What Direct Marketing Needs Now: A New Shot of Creativity

Updating Five Principles From David Ogilvy to Help Connect With Consumers

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Mat Zucker
Mat Zucker
As The DMA dissects the state of direct marketing in San Diego, we have a solution behind which the industry can rally right now: re-inject creativity.

Creativity is both ideas and innovation -- creative ideas which will persuade and modern experiences through which customer relationships will thrive. It comes from looking at challenges differently, imagining not what is, but what can be. Creativity will free the work (and remember, it's about the work) from the "prison of the proven" in which too much direct is currently stuck. Creativity will help our brands get on our customer's short list, motivate action, and earn a deeper and longer-lasting relationship. Creativity also will return us to an industry with guts, and frankly, that will help us attract the young and smart. Don't we want that? Don't we need that?

This is no small feat. This takes rethinking how direct marketing should work. Reasserting creativity's role in it. Reinvigorating the people who drive it. And reinterpreting it all for the digital age. It's nothing less than a redirection of direct. For us, it's time for "re-direct" -- an industry-wide movement with some updated principles to adopt from David Ogilvy:

1. You cannot bore people into buying your product
Five percent off? Free shipping and handling? We're driving our customers numb with many of the same messages and offers -- all at once, delivered in the same manner. It must be as boring to get the work as it is to make it. We need to break through with differentiating ideas, real product news, shareable experiences and useful content. We need to give them a brain buzz. Creative should partner with analytics to find new opportunities and engage people's right brain.

2. Target passions, not just demographics
People operate in networks of family, friends and strangers with like-minded interests. We're not marketing to an 18-to-34-year-old woman, but talking with someone who loves, lives and breathes soccer, cooking, kids, antiques, "30 Rock" and her mobile phone. She speaks up, speaks out and shares across channels online and offline, across geographies and age brackets. The strategies we brief in should reflect these passions and behaviors, so the media and the creative can actually work in these new networks.

3. The 'big yes' is built on little yeses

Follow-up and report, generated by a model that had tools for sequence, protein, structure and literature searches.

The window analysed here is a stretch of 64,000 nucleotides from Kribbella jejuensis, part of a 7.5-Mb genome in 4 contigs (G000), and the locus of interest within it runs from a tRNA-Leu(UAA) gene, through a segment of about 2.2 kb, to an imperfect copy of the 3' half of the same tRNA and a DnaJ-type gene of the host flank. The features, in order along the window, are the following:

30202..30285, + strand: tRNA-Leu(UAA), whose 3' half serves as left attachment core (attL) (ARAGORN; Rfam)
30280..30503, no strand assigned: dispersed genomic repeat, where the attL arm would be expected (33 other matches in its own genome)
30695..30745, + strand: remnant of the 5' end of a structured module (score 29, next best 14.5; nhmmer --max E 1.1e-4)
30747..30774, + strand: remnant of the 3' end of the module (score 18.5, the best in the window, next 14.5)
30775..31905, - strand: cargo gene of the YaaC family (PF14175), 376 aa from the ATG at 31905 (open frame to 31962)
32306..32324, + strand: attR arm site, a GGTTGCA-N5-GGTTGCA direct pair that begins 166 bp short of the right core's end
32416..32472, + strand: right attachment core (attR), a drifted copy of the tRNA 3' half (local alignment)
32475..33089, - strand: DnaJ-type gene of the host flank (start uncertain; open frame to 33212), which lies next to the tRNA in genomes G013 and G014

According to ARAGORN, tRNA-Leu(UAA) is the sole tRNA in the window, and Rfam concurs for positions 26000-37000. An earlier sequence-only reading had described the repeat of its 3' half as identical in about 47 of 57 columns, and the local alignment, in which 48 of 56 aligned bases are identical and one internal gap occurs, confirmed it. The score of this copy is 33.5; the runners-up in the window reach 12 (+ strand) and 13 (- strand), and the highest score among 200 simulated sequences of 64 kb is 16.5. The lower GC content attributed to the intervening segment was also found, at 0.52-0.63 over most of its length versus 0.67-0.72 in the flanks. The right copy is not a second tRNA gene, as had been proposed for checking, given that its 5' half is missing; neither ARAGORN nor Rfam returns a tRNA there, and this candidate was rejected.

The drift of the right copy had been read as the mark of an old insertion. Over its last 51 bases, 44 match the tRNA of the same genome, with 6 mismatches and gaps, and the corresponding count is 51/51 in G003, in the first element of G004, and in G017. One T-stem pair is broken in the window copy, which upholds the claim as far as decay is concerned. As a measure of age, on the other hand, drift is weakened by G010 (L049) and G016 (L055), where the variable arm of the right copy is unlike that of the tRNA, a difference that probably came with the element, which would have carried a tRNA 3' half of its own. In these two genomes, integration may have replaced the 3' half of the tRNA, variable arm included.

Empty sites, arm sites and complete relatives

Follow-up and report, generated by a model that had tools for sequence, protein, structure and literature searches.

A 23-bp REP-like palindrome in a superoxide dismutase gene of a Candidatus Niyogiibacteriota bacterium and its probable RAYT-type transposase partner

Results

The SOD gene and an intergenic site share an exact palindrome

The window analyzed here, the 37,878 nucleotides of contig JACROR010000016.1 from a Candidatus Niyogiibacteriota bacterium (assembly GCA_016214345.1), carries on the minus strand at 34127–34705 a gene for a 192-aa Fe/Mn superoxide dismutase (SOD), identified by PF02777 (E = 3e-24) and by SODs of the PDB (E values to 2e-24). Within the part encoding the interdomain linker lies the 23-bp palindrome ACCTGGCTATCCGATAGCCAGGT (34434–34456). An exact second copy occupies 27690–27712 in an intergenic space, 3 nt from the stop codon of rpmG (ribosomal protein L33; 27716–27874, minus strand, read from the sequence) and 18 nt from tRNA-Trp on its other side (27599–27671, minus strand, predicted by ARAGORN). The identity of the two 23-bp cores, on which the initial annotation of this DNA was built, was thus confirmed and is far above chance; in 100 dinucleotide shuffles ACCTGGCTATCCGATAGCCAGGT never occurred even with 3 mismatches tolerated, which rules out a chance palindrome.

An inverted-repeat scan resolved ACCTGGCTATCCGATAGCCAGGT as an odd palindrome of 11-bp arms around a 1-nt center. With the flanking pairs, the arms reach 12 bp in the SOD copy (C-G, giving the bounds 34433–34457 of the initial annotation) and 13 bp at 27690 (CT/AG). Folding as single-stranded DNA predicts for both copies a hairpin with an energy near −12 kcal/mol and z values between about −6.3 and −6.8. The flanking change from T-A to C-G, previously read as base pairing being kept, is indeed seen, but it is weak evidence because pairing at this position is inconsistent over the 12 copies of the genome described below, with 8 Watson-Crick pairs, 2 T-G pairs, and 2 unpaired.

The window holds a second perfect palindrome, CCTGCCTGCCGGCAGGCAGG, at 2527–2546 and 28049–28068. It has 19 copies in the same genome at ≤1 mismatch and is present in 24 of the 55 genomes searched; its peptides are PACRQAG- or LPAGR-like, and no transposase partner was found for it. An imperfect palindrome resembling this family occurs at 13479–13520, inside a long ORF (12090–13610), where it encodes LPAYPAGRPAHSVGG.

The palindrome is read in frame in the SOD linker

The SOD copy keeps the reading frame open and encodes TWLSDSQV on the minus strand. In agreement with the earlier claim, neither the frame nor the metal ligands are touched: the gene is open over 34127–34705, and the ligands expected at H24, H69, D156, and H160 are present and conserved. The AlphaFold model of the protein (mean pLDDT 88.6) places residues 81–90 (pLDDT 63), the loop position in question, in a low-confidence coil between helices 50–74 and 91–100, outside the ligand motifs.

We sell. Or Else. And the digital age offers us new ways to be great and trusted salespeople for our brands. Selling is noble. We don't always need to rush nor be one-trick ponies. Friends don't grab friends' wallets. We want them to come back for more. And sometimes the best way to sell is to be indirect -- earning response through usefulness or referral.

4. Our work should flow from the brand, not fight it
Direct has been operating in a silo, with creative focused only on the short-term rather than what reinforces the brand for the long haul. Customers, though, now see everything a brand does, and they rally behind the brands they love. This is an opportunity to build on that love and strengthen it -- not undermine it with work that's disharmonious because of short-sighted objectives.

5. Encourage innovation. Change is our lifeblood, stagnation our death knell
David Ogilvy demanded it. While most of us seem to repeat and optimize what works, our customers wake up fresh and try new things every day. Our curiosity and restlessness as direct marketers is our birthright to unleash more trial of what's new. We can connect traditional to digital channels. We can rethink CRM programs as editors serving an audience. We can rethink offers as experiences. Instead of yet another keychain or e-newsletter, what about a custom app or webinar to learn something new? Most of all, we need to get off our duff and onto their mobile phones.

David Ogilvy believed so strongly in the power of direct, he once suggested that every general advertising professional first be an apprentice in direct marketing for some time to actually learn how to sell. For him, direct was his "first love and later, his secret weapon." In a video to our staff he also once said, "Ladies and Gentleman, I envy you. Your timing is perfect. You've come into the direct response business at the right moment in history. You're onto a good thing."

This is a great time to be in the direct-marketing business. How shall we spend it?

Mat Zucker is executive creative director of OgilvyOne, New York.
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